Cross-Straits negotiations resume after 18 months
Updated: 2015-08-26 07:45
By He Na and Hu Meidong in Fuzhou(China Daily)
Talks resumed between leaders of the negotiating bodies from the Chinese mainland and Taiwan on Tuesday after the longest interval in the ongoing negotiations.
Chen Deming, president of the mainland-based Association for Relations Across the Taiwan Straits, and Lin Join-sane, chairman of the Taiwan-based Straits Exchange Foundation, last met 18 months ago in Taiwan.
The two sides signed agreements on aviation safety and avoidance of dual taxation in Fuzhou, the capital of Fujian province, on Tuesday.
The agenda for the latest meeting, the 11th round of the discussions, also included discussions on making it easier for mainlanders to travel overseas via Taiwan and topics for the next round of talks.
"Implementing the aviation safety agreement will help cross-Straits airlines to establish aviation standards and a supervisory mechanism," Chen said. "It will help reduce the running costs of airlines and deepen cooperation in the civil aviation industry across the Straits."
Lin said that because of aviation differences between the mainland and Taiwan, airlines must have their own personnel to perform maintenance work and safety checks.
"However, under the agreement, the two sides will cooperate in many respects, including information exchanges, supervisory mechanisms and mutual recognition of professional skills. This will help reduce airlines' running costs and improve aviation safety," he said.
The mainland and Taiwan have long followed their own tax laws to collect levies from enterprises and the public, resulting in dual taxation problems.
"Agreement on avoiding dual taxation will not only help reduce the tax burden for businesspeople and the public, but also promote direct cross-Straits investment and help improve the investment environment and raise enterprises' competitive ability on each side," said Zheng Lizhong, vice-president of the association.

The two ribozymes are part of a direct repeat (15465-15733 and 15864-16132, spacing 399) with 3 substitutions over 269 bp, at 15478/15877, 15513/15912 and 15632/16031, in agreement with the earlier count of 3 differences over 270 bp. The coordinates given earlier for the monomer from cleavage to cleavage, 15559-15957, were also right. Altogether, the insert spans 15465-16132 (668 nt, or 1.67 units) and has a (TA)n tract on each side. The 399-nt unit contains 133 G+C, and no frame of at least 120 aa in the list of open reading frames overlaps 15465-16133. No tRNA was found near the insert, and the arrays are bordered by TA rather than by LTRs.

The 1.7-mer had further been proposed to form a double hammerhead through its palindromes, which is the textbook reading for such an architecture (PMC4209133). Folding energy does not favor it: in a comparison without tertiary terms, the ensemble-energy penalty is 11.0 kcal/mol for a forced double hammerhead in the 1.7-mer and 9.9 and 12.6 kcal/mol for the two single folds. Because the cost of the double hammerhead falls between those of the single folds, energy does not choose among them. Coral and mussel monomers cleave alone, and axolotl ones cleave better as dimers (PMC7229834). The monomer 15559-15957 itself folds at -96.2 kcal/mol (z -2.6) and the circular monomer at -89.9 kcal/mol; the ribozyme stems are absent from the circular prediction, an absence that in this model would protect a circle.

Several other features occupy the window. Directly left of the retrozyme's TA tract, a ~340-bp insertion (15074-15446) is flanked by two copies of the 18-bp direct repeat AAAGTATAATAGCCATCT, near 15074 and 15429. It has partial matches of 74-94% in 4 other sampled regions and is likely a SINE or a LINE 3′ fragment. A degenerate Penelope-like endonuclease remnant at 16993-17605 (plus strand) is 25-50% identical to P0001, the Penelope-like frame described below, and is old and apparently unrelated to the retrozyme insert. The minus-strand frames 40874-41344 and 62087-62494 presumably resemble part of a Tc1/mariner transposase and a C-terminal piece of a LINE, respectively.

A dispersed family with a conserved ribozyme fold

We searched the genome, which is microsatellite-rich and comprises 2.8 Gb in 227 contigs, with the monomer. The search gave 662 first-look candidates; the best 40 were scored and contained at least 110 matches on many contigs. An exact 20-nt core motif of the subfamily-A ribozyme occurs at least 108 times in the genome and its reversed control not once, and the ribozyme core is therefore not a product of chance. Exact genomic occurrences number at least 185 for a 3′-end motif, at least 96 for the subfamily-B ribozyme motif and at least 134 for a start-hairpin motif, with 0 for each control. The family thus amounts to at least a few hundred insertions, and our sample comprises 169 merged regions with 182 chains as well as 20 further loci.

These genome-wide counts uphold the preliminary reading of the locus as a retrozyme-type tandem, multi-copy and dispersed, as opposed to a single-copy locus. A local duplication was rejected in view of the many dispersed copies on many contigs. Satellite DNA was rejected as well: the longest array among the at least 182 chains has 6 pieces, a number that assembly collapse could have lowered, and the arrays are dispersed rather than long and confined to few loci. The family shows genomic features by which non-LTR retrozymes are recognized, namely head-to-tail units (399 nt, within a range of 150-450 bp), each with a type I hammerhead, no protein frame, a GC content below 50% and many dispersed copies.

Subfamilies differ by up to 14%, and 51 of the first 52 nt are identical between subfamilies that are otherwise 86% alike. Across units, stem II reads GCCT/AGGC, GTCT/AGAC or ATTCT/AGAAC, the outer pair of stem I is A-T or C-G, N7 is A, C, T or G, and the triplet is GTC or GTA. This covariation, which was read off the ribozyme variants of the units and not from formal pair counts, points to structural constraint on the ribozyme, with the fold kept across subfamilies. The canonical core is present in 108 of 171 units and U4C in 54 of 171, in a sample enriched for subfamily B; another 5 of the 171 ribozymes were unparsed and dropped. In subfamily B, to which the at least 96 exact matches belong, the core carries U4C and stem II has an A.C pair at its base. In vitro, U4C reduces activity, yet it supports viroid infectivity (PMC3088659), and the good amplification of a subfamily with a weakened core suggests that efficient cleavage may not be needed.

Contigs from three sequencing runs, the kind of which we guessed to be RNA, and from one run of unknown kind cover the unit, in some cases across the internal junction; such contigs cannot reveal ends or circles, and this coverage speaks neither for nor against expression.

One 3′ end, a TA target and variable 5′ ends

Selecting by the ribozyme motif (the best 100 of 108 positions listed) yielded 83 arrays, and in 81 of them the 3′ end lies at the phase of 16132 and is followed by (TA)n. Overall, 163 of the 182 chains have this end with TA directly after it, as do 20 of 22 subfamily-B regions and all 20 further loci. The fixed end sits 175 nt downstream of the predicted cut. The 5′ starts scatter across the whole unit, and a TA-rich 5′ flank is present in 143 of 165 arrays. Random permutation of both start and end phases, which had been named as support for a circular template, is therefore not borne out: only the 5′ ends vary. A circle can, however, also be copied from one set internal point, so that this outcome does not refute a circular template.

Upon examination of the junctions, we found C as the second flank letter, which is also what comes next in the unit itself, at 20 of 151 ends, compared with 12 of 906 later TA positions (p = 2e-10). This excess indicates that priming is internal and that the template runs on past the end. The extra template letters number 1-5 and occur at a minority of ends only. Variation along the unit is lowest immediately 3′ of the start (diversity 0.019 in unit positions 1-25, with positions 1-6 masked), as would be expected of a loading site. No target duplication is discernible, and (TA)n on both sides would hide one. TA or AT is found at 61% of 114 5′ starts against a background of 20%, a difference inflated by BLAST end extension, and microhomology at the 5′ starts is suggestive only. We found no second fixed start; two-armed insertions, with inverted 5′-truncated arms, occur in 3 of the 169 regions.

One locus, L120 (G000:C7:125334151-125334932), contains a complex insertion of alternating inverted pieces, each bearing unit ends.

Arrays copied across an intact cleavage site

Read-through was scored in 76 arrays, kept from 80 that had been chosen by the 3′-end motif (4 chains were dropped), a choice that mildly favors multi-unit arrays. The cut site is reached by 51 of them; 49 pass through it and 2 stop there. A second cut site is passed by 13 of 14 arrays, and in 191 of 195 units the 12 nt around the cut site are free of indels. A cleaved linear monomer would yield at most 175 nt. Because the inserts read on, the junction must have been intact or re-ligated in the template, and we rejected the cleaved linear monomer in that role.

A poll conducted by Taiwan's Mainland Affairs Committee found that 54.2 percent of Taiwan residents support the signing of a taxation agreement, while 79.2 percent of residents back the aviation safety agreement.
The two sides also carried out several rounds of negotiations and reached some agreements on mainlanders traveling overseas via Taiwan.
"We understand that the mainland needs time to adjust related laws and regulations, and we hope the agreement can be signed before the end of the year," Lin said.
Zhang Zhijun, head of the mainland's Taiwan Affairs Office, met Lin and his delegation on Tuesday afternoon and exchanged views on a wide range of cross-Straits issues.
Chen assessed the outcome of previous talks and the 21 agreements signed on promoting welfare for people across the Straits since the talks resumed in June 2008.
"The implementation of previous agreements has deepened mutual understanding and trust and convenient exchanges of people across the straits," he said.
But Chen also said that the problems that the two sides need to negotiate and solve have increased and become more complicated.
"Cross-Straits relations have experienced slight turbulence in the past year, but our determination to promote peaceful, stable and prosperous cross-Straits ties has not changed," Lin said.
Contact the writers through firstname.lastname@example.org